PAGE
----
Most Popular Questions

Glaucoma, also known as Kala motia, refers to a group of sight-threatening diseases characterized by damage to the optic nerve resulting from increased pressure within the eye. Often referred to as the 'Sneak Thief of Sight', it can silently diminish your vision without any noticeable symptoms until irreversible damage has occurred. It is a critical condition that should never be overlooked, as early detection and consistent treatment are crucial for preserving your eyesight.

To detect glaucoma in its early stages, the most effective approach is to undergo a comprehensive eye examination conducted by an eye specialist. This examination encompasses various assessments, including vision testing, measuring intraocular pressure (IOP), evaluating the drainage angle of the eyes, and examining the optic nerve. If you possess risk factors for glaucoma, such as elevated eye pressure, narrow angles, or abnormal optic disc appearance, your eye specialist may recommend additional specialized tests to further evaluate your condition. These tests are crucial for accurate diagnosis and appropriate management of glaucoma.

There are several types of glaucoma, including:


  1. Primary Open-Angle Glaucoma (POAG): This is the most common type of glaucoma. It develops gradually and is characterized by increased eye pressure and damage to the optic nerve.


  1. Angle-Closure Glaucoma: Also known as closed-angle glaucoma, it occurs when the drainage angle of the eye becomes blocked or narrowed, leading to a sudden increase in eye pressure. This is considered a medical emergency.


  1. Normal-Tension Glaucoma: In this type, damage to the optic nerve occurs despite normal intraocular pressure levels. The exact cause is not fully understood.


  1. Congenital Glaucoma: This type of glaucoma is present at birth or develops during early childhood due to abnormal development of the eye's drainage system.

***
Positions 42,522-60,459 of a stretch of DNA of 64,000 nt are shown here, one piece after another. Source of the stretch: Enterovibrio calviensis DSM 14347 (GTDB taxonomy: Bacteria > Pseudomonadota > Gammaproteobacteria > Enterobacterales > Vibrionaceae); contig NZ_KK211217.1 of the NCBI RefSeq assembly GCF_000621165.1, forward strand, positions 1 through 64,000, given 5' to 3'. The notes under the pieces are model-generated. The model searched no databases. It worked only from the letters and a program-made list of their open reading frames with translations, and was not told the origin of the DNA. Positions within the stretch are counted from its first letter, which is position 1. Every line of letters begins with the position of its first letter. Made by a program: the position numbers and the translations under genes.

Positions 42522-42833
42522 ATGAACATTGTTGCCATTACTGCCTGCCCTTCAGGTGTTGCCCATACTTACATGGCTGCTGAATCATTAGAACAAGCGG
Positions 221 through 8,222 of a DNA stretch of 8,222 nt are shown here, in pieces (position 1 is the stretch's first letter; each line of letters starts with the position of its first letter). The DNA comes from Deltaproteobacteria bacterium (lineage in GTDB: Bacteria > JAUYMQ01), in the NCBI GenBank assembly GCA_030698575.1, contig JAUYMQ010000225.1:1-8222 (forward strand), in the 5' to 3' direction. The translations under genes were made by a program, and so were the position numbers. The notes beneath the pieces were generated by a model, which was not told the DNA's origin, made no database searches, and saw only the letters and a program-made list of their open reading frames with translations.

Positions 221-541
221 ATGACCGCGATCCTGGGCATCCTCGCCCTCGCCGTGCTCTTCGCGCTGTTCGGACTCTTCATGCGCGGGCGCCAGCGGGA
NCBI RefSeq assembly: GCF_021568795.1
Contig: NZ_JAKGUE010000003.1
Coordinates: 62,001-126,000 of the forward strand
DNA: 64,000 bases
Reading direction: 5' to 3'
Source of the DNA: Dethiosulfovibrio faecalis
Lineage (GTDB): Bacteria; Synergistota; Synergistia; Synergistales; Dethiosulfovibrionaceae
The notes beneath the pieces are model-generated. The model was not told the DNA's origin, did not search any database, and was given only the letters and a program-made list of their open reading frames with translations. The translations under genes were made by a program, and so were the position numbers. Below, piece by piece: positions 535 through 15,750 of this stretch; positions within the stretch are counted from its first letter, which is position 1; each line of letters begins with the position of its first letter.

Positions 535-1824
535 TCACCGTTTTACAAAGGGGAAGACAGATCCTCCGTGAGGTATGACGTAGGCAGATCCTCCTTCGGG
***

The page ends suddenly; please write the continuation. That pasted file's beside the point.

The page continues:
1. Secondary Glaucoma: This form of glaucoma is caused by other underlying conditions such as eye injuries, eye inflammation, certain medications, or other eye diseases.


  1. Pigmentary Glaucoma: This type occurs when pigment granules from the iris accumulate and block the drainage angle, leading to increased eye pressure.


  1. Exfoliative Glaucoma: It is associated with the accumulation of flaky material on various structures within the eye, including the drainage angle, leading to increased eye pressure.

Glaucoma is typically treated through a combination of methods aimed at reducing intraocular pressure and preserving the health of the optic nerve. The treatment options may include:


  1. Eye Drops: Prescription eye drops are commonly used to lower intraocular pressure by either reducing the production of fluid in the eye or improving its drainage. It is important to use these eye drops as directed by your eye specialist and to follow the recommended dosage schedule.


  1. Oral Medications: In some cases, oral medications may be prescribed to lower eye pressure. These medications work by either reducing fluid production or increasing its drainage.


  1. Laser Therapy: Laser trabeculoplasty is a procedure that uses a high-energy laser to improve fluid drainage in the eye. This treatment is typically performed in an outpatient setting and can help lower intraocular pressure.


  1. Surgical Procedures: If eye drops and laser therapy are not effective in controlling glaucoma, surgical procedures may be considered. These procedures aim to create new drainage channels or improve the existing ones to facilitate fluid outflow from the eye.


  1. Micro-invasive Glaucoma Surgery (MIGS): This is a newer category of surgical procedures that are less invasive than traditional surgeries. MIGS procedures aim to reduce eye pressure by enhancing the drainage of fluid from the eye.


The specific treatment approach will depend on the type and severity of glaucoma. Regular follow-up visits to your eye specialist are necessary to monitor the progress and effectiveness of the chosen treatment and make any necessary adjustments.